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Palm Proves That It Missed the Train

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The company continues to struggle with new products and technologies.

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Last night's numbers from Palm (PALM) were just plain ugly. Yes, they were 20% ahead of revised revenue guidance until you realize the upside was pull-forward from the fiscal year's fourth quarter. What looks like great control of its cash burn (only $0.5 million) was little more than another timing issue.

Since the magical launch of the Palm Pre nine months ago, the picture has been anything but pretty as you can see in the graph below.



To hear management tell it, their product training and message are the sources of their woes. The company "discovered" that the sales staff at Verizon Wireless (VZ) was inadequately trained. Really? How were the Sprint (S) personnel trained nine months ago? After acknowledging weak sell-through at Sprint last quarter along with "aggressive efforts" to combat the issue, it arises again at Verizon Wireless 90 days later. What's wrong with this picture?

We were told that the 12% ASP decline last quarter was due to the late launch of the Pixi at Sprint on November 15, only two weeks before the end of the quarter. Now another 2% decline in ASP is the result of the launch at Verizon Wireless, seven weeks before the close of the quarter. Something's not adding up there.

Updating webOS in real-time was highlighted as a competitive advantage for Palm with subscribers. The company indicated it's been updated 10 times in the last nine months. How many of those updates have been to fix bugs and performance issues versus new features and functions? Is that a sign that the product was introduced prematurely?

Don't let the cash burn fool you; there was more than a $90 million positive contribution in the quarter from other accrued liabilities. Those liabilities are going to come due. Add to that the $45 million charge to COGs by contract manufacturers for the failure to meet purchase commitments. Palm's purchase commitments extend over 15 months so there is the possibility that further deterioration in demand will lead to additional charges.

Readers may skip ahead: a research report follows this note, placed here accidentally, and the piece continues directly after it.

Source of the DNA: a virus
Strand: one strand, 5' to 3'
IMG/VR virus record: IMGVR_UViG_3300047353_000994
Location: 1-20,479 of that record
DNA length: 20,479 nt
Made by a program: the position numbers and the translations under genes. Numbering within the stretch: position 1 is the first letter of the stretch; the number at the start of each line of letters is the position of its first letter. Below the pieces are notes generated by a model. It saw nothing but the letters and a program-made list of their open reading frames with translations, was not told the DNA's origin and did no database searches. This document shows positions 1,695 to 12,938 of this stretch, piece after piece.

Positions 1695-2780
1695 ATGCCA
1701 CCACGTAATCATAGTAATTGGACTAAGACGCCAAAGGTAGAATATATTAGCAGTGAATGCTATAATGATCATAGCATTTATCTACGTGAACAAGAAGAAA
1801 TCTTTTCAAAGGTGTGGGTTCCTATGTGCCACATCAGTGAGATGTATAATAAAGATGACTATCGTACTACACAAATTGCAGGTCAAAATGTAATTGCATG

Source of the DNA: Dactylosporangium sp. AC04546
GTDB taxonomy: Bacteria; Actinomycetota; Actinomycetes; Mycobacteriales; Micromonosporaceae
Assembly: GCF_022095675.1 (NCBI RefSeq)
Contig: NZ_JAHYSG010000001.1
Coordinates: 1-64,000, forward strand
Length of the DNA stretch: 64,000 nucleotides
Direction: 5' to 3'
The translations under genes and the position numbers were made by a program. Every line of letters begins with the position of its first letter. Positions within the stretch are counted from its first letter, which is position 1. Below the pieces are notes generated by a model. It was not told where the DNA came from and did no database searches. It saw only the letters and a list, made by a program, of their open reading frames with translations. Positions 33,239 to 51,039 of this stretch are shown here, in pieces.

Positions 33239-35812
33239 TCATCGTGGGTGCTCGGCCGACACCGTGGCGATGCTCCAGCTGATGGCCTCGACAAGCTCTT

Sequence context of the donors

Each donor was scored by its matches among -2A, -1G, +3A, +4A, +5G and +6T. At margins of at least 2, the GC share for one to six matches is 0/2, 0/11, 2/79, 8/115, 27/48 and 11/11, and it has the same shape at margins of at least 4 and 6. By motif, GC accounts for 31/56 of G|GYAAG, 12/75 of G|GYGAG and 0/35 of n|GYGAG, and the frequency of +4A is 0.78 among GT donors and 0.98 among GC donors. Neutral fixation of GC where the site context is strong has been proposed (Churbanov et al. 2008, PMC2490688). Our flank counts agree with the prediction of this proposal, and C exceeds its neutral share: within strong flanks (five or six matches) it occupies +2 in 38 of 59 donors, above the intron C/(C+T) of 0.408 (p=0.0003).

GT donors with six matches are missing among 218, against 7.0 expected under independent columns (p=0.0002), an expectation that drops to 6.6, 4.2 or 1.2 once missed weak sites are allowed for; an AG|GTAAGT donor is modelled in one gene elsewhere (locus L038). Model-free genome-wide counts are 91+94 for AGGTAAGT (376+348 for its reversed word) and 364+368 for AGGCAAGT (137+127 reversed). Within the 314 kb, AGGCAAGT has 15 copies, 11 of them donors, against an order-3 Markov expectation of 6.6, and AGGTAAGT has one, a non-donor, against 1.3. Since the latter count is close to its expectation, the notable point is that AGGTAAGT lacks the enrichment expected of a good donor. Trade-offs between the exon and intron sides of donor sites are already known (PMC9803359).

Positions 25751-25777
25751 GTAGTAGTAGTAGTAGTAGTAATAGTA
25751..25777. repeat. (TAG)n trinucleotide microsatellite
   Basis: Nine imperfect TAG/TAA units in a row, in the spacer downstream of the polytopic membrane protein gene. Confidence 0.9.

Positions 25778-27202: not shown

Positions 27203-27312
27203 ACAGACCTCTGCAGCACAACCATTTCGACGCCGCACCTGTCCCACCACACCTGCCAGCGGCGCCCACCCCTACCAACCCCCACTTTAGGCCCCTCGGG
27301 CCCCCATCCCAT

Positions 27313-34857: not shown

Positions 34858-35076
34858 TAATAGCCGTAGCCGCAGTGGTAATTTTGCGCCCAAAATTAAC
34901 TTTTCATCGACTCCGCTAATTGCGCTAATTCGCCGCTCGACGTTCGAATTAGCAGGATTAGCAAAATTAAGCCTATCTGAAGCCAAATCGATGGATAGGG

Palm's CEO Jon Rubinstein said, "Remember, webOS is a brand-new operating system, and it takes a while for the people in the stores to get accustomed to something new." You could feel his frustration again in the statement, "If I look at new technologies and new products that have been brought to market, it's very rare that you see something just sort of take off. It takes a while to build momentum to get to that tipping point." While I appreciate the difficulty of his task, those hurdles didn't see to impact the iPhone (AAPL) and, to a lesser extent, Android (GOOG) phones? The train has left the station here and it's not waiting for anyone.

Management highlighted their "focus, execution, and continued industry-leading innovation" as the keys to their success. Unfortunately, from where I'm sitting, I see a lack of focus, the failure to execute, and few people are buying into the innovation argument.
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